Defense Media Network

Newest Defense Media Network Promotion

Sentinel-class Fast Response Cutters

A new generation of Coast Guard patrol boats

By the end of 2011, the first of the Coast Guard’s long-awaited Fast Response Cutters will operate out of Miami, Fla., giving the service its largest increases in patrol boat capability, ever.

Designed to replace the aging 110-foot Island-class patrol boats, these new cutters mark a huge leap in technology both in how they’re built and in their capabilities.

But now, with the lead cutter nearly complete, the service is focusing on getting the first crew trained and ready for the cutter’s delivery, which is slated for the third quarter of fiscal year 2011.

“We are busy standing up the unit, getting the admin and doctrine side of things under way such as unit instructions and procedures. At any given time most of the crew is away at schools or factory training,” said Lt. Cmdr. Herb Eggert, prospective commanding officer of the lead ship, now named the CGC Bernard C. Webber.

All 58 of the Sentinel-class cutters will be named after enlisted heroes. The first cutter carries the name of Boatswain’s Mate 1st Class Bernard C. Webber, who led a famous rescue of the freighter Pendleton crew in 1952. The Pendleton had split in half during a storm, and Webber and three crewmembers rescued 32 sailors. Webber, who retired as a chief warrant officer, died in 2009.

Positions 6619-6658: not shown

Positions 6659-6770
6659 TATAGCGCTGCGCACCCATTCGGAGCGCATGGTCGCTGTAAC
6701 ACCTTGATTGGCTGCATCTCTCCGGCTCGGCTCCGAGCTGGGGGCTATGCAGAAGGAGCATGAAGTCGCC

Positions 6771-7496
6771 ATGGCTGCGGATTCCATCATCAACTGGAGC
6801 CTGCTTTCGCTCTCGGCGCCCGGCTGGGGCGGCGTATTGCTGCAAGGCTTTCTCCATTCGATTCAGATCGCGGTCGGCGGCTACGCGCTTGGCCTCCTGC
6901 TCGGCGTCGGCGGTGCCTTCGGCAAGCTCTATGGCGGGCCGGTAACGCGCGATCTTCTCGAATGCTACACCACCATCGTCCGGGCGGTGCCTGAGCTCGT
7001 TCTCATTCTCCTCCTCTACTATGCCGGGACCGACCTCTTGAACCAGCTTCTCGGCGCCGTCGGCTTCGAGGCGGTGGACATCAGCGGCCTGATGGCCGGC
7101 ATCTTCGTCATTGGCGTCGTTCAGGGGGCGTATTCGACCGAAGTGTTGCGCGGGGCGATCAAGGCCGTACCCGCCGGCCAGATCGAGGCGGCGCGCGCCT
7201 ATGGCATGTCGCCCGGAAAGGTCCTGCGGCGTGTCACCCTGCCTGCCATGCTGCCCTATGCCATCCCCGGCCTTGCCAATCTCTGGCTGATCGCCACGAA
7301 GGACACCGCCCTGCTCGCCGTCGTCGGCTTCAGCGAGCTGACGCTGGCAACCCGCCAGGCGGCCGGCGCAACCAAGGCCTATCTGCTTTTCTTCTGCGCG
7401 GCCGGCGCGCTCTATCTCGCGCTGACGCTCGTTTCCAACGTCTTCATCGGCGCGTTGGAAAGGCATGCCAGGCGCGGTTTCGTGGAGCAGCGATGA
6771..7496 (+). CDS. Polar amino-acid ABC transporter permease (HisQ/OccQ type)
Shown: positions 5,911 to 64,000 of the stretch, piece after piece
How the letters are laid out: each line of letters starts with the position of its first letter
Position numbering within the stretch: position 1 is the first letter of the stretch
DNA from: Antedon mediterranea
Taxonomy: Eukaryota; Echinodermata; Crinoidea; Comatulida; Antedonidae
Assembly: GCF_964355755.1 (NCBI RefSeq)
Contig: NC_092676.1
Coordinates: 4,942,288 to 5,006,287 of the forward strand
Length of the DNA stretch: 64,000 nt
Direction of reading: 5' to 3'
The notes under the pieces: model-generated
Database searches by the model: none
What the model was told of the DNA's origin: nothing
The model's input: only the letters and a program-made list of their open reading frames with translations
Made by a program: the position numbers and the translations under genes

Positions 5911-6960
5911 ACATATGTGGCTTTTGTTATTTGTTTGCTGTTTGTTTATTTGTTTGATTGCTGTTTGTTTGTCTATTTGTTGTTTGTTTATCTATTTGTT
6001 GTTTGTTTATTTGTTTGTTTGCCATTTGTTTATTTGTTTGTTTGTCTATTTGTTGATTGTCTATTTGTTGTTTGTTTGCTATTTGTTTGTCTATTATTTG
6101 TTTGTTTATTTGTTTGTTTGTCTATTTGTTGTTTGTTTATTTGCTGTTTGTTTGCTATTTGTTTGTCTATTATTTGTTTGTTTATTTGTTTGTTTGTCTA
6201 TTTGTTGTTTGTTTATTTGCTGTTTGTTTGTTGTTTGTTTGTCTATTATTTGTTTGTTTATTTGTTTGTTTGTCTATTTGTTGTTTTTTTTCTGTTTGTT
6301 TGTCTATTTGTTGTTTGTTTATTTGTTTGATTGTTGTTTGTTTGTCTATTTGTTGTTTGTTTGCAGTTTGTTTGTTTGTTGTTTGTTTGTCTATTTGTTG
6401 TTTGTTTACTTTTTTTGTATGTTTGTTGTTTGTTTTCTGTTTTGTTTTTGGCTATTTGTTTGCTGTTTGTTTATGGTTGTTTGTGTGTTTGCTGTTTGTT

Pattie Hamilton stamps the keel of the first U.S. Coast Guard Sentinel-class Fast Response Cutter (FRC) during a keel-laying ceremony at the Bollinger Shipyard, April 9, 2010. The first FRC is named after Hamilton’s father, Petty Officer 1st Class Bernard C. Webber, who executed one of the most famous rescues in Coast Guard history. U.S. Coast Guard photo by Senior Chief Petty Officer Mike O’Berry.

The Webber was laid down in November 2009 and a keel laying ceremony was held on April 9, 2010. As of Aug. 20, 2010, the cutter was 67 percent complete. The second ship, CGC Richard Etheridge, is 37 percent along in its construction, while the third is about to be laid down. The class is being built at the Bollinger Shipyard in Lockport, La.

“You can see it, walk on it and touch it – it actually looks like a ship now,” Eggert said. “A year ago, they’d just started construction and it was mostly a concept on paper – I’m really excited in what this new asset will bring to the Coast Guard once we’re operational next year – until then, there’s still a lot of work to do.”

The Basics
Sentinel-class boats will be longer and heavier than their Island-class predecessors. They’ll have an overall length of 153 feet and will displace 353 metric tons – 43 feet longer and more than double the 162-metric-ton displacement of the Island class.

But even with that extra weight, the Sentinels will retain the shallow-water capability of their predecessor, with a draft of just 9 feet, 6 inches – only 2 feet, 3 inches deeper than the 110’s – essential in Coast Guard operations closer to shore.